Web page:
Sheila Musaji, editor of The American Muslim, lays out nearly every anti-Muslim, anti-Islamic statement Cain has made over the course of his presidential run thus far. I urge you to check it out.

So what do you say to such a man, when responding to him only expands his 15 minutes?

In the American Muslim community, this debate is waged whenever any pundit or politician spouts some blatant anti-Muslim statements or rhetoric. Do we counter-respond? Disagree? Engage in debate? Will doing so sway anyone's opinions? Or will it just give more attention to people and statements that probably don't deserve attention in the first place?

What makes this debate even trickier is that even though many American Muslims feel compelled to provide a sane, intelligent response when faced with anti-Islamic rhetoric, Cain and others like him are not interested in conversing with Muslims at all. They aren't talking to us. They're just talking about us, and if we talk back, they won't listen.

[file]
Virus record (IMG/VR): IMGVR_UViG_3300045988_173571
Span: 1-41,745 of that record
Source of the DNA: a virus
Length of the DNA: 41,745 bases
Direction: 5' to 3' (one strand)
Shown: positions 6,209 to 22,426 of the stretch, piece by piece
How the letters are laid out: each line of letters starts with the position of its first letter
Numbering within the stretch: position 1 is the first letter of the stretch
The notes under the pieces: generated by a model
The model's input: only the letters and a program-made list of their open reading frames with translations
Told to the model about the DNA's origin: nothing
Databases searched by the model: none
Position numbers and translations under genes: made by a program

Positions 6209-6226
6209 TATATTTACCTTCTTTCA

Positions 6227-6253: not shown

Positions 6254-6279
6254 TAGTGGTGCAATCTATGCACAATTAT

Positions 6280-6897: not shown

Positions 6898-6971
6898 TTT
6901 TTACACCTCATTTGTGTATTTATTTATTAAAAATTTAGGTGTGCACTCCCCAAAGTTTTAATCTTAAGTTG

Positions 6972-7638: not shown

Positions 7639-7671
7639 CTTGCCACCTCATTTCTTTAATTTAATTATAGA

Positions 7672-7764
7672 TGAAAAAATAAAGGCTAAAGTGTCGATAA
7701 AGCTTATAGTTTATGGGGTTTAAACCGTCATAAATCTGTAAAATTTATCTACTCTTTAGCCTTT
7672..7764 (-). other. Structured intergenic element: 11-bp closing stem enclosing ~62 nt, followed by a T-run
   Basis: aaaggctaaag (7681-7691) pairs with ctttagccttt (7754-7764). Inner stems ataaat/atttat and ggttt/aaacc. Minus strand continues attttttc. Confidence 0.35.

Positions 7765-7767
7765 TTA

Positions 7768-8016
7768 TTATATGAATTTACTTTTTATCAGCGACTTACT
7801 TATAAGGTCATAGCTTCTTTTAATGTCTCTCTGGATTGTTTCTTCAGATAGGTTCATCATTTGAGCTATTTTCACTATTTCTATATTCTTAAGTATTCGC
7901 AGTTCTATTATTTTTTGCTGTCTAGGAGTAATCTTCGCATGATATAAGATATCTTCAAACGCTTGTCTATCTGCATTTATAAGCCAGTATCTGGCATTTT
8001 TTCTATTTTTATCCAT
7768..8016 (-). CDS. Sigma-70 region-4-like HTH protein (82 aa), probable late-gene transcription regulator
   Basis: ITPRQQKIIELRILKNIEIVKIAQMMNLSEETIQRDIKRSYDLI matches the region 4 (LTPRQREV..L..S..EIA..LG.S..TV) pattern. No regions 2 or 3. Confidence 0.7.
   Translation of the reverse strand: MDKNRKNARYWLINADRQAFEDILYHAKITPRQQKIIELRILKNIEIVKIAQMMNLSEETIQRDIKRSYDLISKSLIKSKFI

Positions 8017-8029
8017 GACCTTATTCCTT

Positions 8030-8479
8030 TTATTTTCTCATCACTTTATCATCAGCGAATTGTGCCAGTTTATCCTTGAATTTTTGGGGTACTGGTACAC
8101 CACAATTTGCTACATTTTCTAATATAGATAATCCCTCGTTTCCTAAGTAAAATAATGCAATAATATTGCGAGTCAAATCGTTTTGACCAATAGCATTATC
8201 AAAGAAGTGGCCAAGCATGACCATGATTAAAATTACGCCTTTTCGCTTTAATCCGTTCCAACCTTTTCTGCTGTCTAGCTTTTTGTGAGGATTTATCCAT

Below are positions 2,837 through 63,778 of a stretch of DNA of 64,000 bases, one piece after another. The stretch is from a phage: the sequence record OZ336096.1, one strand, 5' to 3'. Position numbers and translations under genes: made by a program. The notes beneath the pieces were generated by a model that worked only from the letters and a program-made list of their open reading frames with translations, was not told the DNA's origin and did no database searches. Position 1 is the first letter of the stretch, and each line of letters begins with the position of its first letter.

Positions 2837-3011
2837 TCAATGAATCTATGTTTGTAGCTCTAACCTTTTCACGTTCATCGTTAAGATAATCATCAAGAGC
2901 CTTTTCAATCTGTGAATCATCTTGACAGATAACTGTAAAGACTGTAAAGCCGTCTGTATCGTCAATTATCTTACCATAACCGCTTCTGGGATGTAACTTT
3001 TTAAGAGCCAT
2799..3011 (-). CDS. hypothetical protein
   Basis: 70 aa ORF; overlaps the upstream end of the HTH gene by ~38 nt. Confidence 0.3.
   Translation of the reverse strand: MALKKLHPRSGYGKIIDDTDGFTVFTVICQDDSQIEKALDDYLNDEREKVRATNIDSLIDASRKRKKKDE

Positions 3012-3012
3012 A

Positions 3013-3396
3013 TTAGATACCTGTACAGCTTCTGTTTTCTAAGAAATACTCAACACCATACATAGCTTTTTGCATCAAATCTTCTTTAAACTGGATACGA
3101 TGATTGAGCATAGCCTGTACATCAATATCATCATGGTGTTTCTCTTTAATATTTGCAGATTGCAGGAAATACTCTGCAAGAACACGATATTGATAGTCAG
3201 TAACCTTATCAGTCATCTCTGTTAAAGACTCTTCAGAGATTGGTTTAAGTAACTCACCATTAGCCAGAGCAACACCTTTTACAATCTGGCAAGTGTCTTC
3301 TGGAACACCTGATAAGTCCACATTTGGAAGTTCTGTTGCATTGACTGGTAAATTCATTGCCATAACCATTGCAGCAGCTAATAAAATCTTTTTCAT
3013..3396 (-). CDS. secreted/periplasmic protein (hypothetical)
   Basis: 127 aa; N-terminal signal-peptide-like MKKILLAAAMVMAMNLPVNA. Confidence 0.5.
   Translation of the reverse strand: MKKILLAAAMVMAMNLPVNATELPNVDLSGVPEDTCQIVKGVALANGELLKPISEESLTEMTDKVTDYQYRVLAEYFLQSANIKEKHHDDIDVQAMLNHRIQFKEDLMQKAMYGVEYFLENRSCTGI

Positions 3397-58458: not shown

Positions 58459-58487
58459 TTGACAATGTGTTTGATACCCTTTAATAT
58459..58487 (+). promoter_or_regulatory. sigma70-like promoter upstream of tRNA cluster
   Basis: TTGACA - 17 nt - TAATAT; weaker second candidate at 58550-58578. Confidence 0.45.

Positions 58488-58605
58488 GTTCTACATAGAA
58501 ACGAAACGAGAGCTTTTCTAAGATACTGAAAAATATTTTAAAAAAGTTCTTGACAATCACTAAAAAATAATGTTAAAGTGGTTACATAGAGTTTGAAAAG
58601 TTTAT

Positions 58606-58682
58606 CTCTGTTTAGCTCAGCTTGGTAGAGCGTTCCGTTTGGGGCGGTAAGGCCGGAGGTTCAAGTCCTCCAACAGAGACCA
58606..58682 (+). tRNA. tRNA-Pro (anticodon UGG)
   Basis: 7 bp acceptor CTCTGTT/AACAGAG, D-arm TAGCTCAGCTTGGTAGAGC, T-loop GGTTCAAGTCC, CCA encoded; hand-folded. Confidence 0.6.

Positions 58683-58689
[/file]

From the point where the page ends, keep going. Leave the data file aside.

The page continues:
I don't think Cain is a man to be swayed from his opinions regarding Islam and Muslims. How do you teach sense to man who said in an interview with Christianity Today, "The role of Muslims in American society is for them to be allowed to practice their religion freely, which is part of the First Amendment. The role of Muslims in in America is not to convert the rest of us to the Muslim religion. That I resent. Because we are a Judeo-Christian nation.... And so I push back and reject them trying to convert the rest of us. And based upon the little knowledge that I have of the Muslim religion, you know, they have an objective to convert all infidels or kill them."

There's so much wrong with that statement, and with so many of his statements towards Muslims, that I, like so many American Muslims, want to take him on. But will it matter? Or is it a waste of time? Are we left completely outside of the conversation about us?

American Muslims answer that question on a case-by-case basis. And at the end of the day, I can only pray that common sense, mutual understanding, religious respect, and human dignity will prevail.